Ramping up to the teen yrs and police intervention

Discussion in 'General Parenting' started by TerryJ2, Sep 17, 2011.

  1. TerryJ2

    TerryJ2 Well-Known Member

    I got to talk to the dr alone today. Gave him an earful. One reason he listened is because difficult child didn't even show up. Had to assert his independence and all that. But the empty chair was practically shouting at us.

    He did not know that difficult child was blocking my way into my ofc, and not allowing me to call for help. He said that is against the law. He did not know that easy child lived with-friends for several mo's to get away from difficult child, and that we have locks on several doors. (Sigh. Maybe he speed-reads and just gave the initial psychiatric notes the once-over last yr and forgot what little he knew.)
    Today he was right on top of it. Asked me if I'd ever called CHINS. I told him I was on a support board :) and you all had suggested it yrs ago. I called and they blew me off, said something like I had too high of an income. He shook his head and wrote it down. If and when I need CHINS, I know now to call and get him to do that paperwork.:) He said do not hesitate to call the police at the first sign of aggression. Yeah, that would be nice, if I could actually call. I laughed, held out my arms, and said that difficult child didn't leave any marks, and he said his job is to make sure that mom and dad don't get beaten up.
    :consoling: "You need to feel safe in your own home."

    I also told him about difficult child's anxiety issues with-opening and closing ceremonies at baseball. He was unaware of that, too.
    He is going to put difficult child on Abilify or another mood stablizer next mo, but didn't want to do it with-o difficult child being in the room. So we have an appointment and a plan. I told difficult child I'd let him get away once with-not going in, but he has to be there the rest of the time because the dr needs to see the real patient, because how does he know that mom and dad aren't eating the drugs? :groan:
    I think he understood that.

    Anyway, the dr said that we have to up the ante in regard to consequences and behavior since difficult child is now a teen, and it can only get worse, and I told him we had toured juvie yrs ago, and that the officer kept saying, "This kid is so good. Why did you bring him here?" doctor understood that ... he said most kids in juvie have some sort of untreated mental illness and difficult child is in for a rude awakening. Touring a smelly, empty bldg and being in the same cement bunk room with-a smelly, rude, potentially violent roomie is not the same thing.

    I talked to husband on the phone--he is out of town--and as I suspected, he was too busy the other day to understand that difficult child blocked me, physically, shoulder checked me, and prevented me from using the phone. He kept repeating, "But you said he got violent." I explained that IS violence and that the dr agreed. husband was sobered by that ... he doesn't "get it" and is often in la-la land. In fact, he's the one who came up with-the expression that if there's a room full of manure, he'd be looking for the pony.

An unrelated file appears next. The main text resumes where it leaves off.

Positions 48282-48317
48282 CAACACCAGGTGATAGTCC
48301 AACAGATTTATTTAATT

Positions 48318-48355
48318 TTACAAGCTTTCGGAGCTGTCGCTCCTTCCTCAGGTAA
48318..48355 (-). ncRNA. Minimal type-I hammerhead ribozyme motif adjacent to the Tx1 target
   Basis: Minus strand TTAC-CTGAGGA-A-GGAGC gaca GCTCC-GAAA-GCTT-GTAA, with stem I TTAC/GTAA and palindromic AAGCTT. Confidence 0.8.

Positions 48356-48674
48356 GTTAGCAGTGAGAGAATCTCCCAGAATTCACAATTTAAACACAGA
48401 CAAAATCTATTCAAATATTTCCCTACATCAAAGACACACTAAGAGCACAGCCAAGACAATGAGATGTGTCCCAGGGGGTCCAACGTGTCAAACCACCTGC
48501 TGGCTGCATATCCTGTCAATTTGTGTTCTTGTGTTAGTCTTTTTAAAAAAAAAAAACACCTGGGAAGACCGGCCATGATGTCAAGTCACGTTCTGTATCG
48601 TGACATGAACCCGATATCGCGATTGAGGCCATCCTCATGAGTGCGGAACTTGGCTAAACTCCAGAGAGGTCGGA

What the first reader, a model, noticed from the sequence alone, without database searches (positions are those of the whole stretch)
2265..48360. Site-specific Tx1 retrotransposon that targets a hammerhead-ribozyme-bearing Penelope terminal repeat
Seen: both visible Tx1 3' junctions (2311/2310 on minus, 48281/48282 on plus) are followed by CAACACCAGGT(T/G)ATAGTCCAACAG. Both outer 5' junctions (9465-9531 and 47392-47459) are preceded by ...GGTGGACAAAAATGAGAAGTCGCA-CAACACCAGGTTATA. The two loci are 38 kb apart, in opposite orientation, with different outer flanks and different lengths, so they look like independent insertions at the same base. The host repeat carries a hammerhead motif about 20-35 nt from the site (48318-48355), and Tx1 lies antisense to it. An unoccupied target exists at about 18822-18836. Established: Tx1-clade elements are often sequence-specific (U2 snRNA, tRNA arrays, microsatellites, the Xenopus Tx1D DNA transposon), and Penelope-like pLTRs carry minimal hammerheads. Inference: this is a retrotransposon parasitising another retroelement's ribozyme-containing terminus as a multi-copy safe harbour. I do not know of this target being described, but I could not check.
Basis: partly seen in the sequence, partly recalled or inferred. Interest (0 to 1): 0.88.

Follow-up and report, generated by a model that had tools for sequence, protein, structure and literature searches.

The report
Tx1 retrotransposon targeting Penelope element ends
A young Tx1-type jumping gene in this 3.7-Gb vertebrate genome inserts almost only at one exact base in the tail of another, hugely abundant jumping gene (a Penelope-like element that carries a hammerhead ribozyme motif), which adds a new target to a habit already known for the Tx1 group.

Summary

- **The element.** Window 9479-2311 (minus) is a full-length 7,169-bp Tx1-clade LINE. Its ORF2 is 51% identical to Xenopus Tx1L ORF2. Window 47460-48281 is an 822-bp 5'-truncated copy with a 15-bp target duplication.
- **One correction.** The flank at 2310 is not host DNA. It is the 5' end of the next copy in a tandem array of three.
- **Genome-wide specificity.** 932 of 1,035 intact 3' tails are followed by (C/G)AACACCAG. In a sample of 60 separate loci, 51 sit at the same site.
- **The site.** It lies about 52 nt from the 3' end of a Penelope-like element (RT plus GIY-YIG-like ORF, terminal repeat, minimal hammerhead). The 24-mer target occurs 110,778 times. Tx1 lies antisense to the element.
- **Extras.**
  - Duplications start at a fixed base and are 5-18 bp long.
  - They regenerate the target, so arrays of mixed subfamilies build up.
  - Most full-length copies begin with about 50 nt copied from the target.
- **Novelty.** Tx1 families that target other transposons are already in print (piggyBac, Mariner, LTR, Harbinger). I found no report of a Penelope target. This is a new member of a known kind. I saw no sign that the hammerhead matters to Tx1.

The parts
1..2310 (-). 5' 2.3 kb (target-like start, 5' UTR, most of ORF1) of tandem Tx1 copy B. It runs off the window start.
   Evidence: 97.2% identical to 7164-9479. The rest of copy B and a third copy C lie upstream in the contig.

I keep telling him it's an elephant and the manure has been long gone.

    So when he gets home, I'll explain what the dr said about violence and what exactly violence is. husband has been watching too many shows where cars get blown up, and being too much of a "boys will be boys" guy to understand how this is really working.

    The dr also expressed concern about difficult child's potential to act out sexually with-girls, not knowing when enough is enough. When they say no, they mean it. I will find a time to talk to difficult child about that too. There are so many girls out there who are cougars, but then at the last second, they change their minds. Combined with-difficult child, that is a recipe for disaster.

    In the meantime, I got the scrips rewritten, all is calm at home, difficult child finally did the dishes from last night, My sister is bringing Dad back to assisted living from the cardiac unit of the hospital, and I am going to paint.
  2. crazymama30

    crazymama30 Active Member

    Hugs. Sounds like we are in a similiar place, we can see the writing on the wall, but it is not dark enough or blatant enough for others to pay attention to.

    I think when I talked to the wrap people the other day, when I told them that difficult child had to eat breakfast in his room so easy child and I would not get verbally abused, I think that hit home. I will wait and see how the team meeting goes tuesday, but I am so scared for my difficult child, and thankful that I don't have to be scared OF him yet.
  3. TerryJ2

    TerryJ2 Well-Known Member

    I know. I have to stop myself from worrying about how he will take care of himself 40 yrs from now after I'm gone. And if he'll hurt someone and then instantly regret it, but it's too late. I really have to learn to live in the moment.
  4. crazymama30

    crazymama30 Active Member

    Terry, I share those fears too. My fear is that my difficult child will end up in jail, prison or worse. I think many of us have these fears. I look at my difficult child and all the medications he is on, and think what are we going to do with him as an adult? When the reality is, will he take medications as an adult? Will he be able to live on his own?

    For now, for me? Those questions are too overwhelming. I just cannot face them.
  5. Wiped Out

    Wiped Out Well-Known Member Staff Member